Alternately hailed as the next Camus and dismissed as a reactionary, pornographic hypocrite, for the past two years Michel Houellebecq has been the stuff of front-page news in his native France. His novel Les particules élémentaires (The Elementary Particles, 1998) set off a media firestorm, earning him a nomination for the Prix Goncourt, but also the condemnation of the Catholic Church. This combination soon turned the book into a best-seller, guaranteeing Houellebecq a place in the long tradition of Gallic poètes maudits stretching from de Sade to Baudelaire, Céline and Bataille.
In actuality, he was already well on his way to literary stardom. In 1995 one French magazine proposed a new adjective, 'houellebecquien', which it defined as 'a certain state of social misery particular to the late 20th century that recalls the despairing, ironic tone of the writings of Michel Houellebecq'.
What has earned him a possible berth in the French language? His charge is simple: instead of bringing happiness and self-determination to all, the radical individualism and liberal values inaugurated by the 1968 student uprisings in Europe were the latest step in capitalism's relentless colonization of every facet of human life. In his view the sexual revolution of the era introduced market forces into the last bastion of private life and now causes untold amounts of suffering to the great majority of people, who can no longer compete for their fair share of love and sex. The idea was presented in his first novel, Extension du domaine de la lutte (translated incomprehensibly as Whatever, 1998), the story of a depressive, socially alienated computer programmer obsessed with his ex-girlfriend, and an ugly, none-too-savvy salesman unable to find a woman who will give him the time of day.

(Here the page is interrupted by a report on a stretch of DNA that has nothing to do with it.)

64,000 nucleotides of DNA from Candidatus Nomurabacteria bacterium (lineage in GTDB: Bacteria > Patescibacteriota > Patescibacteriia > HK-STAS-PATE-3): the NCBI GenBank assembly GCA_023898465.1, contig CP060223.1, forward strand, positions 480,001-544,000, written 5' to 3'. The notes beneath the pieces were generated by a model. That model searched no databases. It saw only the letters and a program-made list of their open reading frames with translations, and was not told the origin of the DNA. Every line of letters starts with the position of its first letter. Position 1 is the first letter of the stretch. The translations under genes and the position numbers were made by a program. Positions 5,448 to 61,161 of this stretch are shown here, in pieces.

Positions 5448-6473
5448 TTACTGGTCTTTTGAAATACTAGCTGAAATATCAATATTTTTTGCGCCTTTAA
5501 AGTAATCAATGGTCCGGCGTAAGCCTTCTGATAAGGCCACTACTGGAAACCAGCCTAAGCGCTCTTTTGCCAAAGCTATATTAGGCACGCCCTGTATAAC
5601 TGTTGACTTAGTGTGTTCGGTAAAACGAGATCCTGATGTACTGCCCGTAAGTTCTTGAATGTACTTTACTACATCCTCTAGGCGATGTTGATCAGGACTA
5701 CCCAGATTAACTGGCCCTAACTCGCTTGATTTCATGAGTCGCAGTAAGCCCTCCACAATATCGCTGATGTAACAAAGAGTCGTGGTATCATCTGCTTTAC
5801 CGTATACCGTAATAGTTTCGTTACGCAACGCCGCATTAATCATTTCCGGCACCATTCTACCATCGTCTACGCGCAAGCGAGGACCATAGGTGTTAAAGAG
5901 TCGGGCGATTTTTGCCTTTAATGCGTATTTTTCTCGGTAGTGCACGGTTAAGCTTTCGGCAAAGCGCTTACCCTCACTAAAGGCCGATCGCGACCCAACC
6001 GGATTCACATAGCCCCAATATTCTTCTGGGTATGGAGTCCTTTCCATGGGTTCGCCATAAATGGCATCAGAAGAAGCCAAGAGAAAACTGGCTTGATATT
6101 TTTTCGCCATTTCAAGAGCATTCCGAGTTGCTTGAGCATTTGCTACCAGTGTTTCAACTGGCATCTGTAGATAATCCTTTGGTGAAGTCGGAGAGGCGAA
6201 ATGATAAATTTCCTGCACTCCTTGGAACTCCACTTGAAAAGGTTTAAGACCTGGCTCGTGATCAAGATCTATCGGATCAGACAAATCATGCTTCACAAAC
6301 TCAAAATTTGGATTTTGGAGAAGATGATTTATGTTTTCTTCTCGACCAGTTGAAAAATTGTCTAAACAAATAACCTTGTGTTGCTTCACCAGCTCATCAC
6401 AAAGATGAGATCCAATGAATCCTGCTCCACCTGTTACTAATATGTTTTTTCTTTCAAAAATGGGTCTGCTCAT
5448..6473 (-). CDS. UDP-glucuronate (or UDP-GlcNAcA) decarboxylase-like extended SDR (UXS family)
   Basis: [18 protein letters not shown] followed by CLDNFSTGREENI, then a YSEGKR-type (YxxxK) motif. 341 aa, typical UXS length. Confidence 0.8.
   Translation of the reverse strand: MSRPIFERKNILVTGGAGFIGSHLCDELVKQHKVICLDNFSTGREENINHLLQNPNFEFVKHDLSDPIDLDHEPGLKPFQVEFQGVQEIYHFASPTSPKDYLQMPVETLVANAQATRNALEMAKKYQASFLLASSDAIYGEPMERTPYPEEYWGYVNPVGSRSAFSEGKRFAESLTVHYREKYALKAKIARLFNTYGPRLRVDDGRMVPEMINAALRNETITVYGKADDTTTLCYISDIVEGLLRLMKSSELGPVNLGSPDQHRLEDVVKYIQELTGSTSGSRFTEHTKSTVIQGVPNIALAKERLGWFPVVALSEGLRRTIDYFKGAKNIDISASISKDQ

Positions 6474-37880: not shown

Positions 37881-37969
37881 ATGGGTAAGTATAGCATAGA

This idea has earned Houellebecq the contempt of many on the left, who see in him an enemy of the hard-won rights of women and minorities. A former Marxist, the author doubtless relishes presenting the illiberal reality of contemporary liberal society; characters in his novels make racist, sexist and homophobic comments. But it's at least questionable whether the author can be accused of the same. In fact, it could be argued that he offers a particularly lucid diagnosis of the intractability of racism in modern culture and the way it is driven by social alienation and the desire to belong to a community defined by something other than self-interest. It might also be worth recalling that not all leftists embraced the 1968 uprisings. Theodor Adorno rejected the utopian ideas of the Freudian-Marxist sexual liberation movements, and once called in the police on student demonstrators. Houellebecq dishes up a hilarious twist on this idea when he suggests that Mick Jagger is the Lucifer of the famous Stones anthem 'Sympathy for the Devil' and the perfect embodiment of the evil of materialist individualism and sexual liberation: a master businessman who cynically sells sex as the means to individual salvation.